“We would hope that when individuals and groups have this deeper understanding of REDD+, they would then be more open to the compromises and the costs involved.”

All roads lead to the ministry

Of special interest, the study authors noted, is the reported pattern of information exchange with Indonesia’s Ministry of Forestry, widely perceived as having the greatest influence over relevant decision making and a central role in knowledge sharing.

“Our surveys showed that more organizations declared they exchanged information with the Ministry of Forestry than the Ministry of Forestry claimed they did with others,” Moeliono said. “This finding may have emerged simply because large actors such as the ministry only reported major partners in the information flow. But it could also indicate a pattern of one-way communication, rather than reciprocity.”

Certainly, businesses that are willing to support climate change mitigation activities need more information and leadership from the government, argued a representative of the private sector who was interviewed for the study – of particular interest given that all stakeholder groups agreed that the private sector must be involved in REDD+ implementation and financing.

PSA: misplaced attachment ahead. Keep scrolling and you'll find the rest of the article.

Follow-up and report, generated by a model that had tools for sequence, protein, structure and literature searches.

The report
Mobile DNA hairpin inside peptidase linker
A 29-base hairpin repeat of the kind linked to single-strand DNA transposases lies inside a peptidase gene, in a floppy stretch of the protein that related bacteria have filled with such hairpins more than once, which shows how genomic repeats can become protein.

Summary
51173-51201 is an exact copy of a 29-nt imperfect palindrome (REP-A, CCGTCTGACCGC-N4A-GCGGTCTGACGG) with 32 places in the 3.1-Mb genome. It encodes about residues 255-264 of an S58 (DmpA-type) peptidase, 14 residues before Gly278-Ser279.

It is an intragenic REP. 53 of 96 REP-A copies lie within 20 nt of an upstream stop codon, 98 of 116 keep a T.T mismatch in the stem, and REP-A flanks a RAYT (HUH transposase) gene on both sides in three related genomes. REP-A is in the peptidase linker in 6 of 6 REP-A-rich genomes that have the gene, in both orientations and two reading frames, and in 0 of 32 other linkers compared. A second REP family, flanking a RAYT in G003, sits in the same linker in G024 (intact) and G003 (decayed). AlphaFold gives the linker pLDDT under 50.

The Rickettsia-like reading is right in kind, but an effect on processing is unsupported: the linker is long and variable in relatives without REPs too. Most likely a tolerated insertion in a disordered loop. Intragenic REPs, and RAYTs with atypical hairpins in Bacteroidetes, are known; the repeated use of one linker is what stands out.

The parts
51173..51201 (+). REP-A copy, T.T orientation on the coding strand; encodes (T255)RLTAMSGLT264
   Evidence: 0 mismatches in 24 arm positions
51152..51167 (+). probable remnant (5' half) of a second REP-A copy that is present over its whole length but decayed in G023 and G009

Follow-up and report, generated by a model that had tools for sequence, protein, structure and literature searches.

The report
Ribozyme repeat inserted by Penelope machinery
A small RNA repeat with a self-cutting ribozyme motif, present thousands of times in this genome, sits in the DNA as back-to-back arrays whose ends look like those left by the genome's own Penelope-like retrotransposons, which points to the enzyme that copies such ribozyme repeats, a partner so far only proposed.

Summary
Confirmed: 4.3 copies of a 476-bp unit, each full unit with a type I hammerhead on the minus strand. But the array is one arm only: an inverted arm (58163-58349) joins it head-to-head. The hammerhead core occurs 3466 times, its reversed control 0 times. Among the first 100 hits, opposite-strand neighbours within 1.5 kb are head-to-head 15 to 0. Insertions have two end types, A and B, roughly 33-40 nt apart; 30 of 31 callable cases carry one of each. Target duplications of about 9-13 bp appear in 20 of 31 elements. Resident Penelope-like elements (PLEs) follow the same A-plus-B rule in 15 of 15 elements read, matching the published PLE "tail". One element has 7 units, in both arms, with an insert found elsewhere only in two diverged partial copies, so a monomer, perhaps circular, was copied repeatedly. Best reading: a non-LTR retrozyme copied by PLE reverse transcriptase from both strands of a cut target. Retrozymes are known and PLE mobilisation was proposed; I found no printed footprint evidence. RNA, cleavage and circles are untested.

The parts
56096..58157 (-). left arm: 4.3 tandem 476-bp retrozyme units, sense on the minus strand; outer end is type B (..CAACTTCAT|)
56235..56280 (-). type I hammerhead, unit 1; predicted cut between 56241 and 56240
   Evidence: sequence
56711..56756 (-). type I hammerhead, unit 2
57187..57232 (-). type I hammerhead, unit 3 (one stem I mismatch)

“All stakeholders need to be more transparent and more willing to collaborate, cooperate and coordinate with others,” Moeliono said.

“While each stakeholder group may require slightly different information, they can each provide different types of information.”

A more adaptive approach is needed, she added.

“Although there has been considerable consultation among a variety of stakeholders, workshops tend to be hosted and attended by similar types of organizations. Substantive issues are not being sufficiently addressed within a more inclusive and common platform.”

Plus ça change 

Given the Ministry of Forestry’s influence and authority, stakeholders indicate that it must lead the way toward change – yet there is little evidence it is doing so. The report cites as an example the ministry’s practice of treating all concession types the same way. Restoration and conservation concessions are subject to the same time-consuming processes and high transaction costs as timber concessions, thus deterring the environmentally sustainable practices that need to be encouraged.